The success or failure of a mobile application largely depends on the resources it consumes. A resource-intensive application will quickly be rejected by its users. One of the most important aspects that determines this consumption is the software architecture applied in its development. However, which architecture is the most efficient depends on the application’s behaviour.
With the aim of providing mobile developers information on what architectural style consumes fewer resources for each application, in this work we analysed the resources consumed by two applications, each of them built with two different architectures (a server-centric architecture and a mobile-centric architecture) in order to identify under which situation each architecture is more efficient. We observed that, for these cases, as the number of interactions with external entities grows, the more efficient becomes a server-centric architecture. Instead, a mobile-centric architecture is more efficient if the data to be shared has to be updated frequently or if there are few external entities involved.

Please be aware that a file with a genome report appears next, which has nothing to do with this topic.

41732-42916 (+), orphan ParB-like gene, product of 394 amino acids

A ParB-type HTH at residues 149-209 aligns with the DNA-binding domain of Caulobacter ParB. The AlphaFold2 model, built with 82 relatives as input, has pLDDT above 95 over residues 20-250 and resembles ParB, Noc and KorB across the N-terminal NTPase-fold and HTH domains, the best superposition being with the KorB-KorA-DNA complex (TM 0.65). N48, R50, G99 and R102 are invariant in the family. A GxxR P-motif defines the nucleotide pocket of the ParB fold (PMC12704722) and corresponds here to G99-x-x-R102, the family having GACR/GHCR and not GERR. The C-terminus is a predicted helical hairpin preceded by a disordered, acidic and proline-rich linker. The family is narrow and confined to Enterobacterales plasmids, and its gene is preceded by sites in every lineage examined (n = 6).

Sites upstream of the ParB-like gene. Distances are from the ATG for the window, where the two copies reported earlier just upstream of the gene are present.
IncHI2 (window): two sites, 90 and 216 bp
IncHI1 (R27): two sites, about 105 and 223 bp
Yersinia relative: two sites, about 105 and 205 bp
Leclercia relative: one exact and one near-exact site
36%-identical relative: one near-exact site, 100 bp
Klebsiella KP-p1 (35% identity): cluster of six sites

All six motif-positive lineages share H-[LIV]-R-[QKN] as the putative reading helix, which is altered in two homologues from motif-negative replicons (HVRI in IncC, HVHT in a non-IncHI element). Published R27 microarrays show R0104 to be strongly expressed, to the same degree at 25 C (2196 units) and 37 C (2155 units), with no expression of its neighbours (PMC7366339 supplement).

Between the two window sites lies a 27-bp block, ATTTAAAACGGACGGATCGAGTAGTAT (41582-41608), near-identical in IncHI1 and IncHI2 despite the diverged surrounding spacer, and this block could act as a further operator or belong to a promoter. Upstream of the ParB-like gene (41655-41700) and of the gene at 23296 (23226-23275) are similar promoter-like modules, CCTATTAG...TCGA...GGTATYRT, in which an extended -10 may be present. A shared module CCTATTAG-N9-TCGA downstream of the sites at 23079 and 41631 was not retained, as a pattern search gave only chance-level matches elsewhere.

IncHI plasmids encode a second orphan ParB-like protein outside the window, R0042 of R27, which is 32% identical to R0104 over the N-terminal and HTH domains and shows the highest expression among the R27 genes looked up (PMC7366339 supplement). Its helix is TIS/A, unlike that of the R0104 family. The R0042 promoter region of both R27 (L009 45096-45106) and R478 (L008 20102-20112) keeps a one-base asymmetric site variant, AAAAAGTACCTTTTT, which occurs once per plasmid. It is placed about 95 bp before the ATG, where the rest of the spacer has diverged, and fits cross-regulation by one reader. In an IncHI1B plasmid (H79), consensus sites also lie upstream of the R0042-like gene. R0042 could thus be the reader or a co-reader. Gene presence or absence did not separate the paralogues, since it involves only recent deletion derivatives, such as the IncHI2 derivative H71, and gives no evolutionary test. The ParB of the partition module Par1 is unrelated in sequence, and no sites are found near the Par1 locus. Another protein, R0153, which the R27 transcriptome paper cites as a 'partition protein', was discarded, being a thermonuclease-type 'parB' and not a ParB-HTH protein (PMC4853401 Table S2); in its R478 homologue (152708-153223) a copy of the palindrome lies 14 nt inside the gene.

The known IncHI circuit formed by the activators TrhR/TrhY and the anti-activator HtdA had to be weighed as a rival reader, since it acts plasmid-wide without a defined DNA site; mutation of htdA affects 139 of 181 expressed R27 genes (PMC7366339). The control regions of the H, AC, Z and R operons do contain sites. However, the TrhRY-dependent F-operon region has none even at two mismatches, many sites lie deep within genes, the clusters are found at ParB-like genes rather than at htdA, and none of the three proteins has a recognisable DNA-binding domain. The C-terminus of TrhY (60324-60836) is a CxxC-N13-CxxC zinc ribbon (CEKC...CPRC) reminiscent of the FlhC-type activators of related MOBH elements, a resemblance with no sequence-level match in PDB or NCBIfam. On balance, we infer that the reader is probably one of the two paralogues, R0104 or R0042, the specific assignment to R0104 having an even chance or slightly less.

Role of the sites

In addition, by generalizing the analysis of the two applications, a conceptual framework was created with which to analyse the consumption pattern of any applications in their early development phases. This framework can be used to estimate a particular application’s consumption with different architectures, or to predict its consumption under future evolution of the app.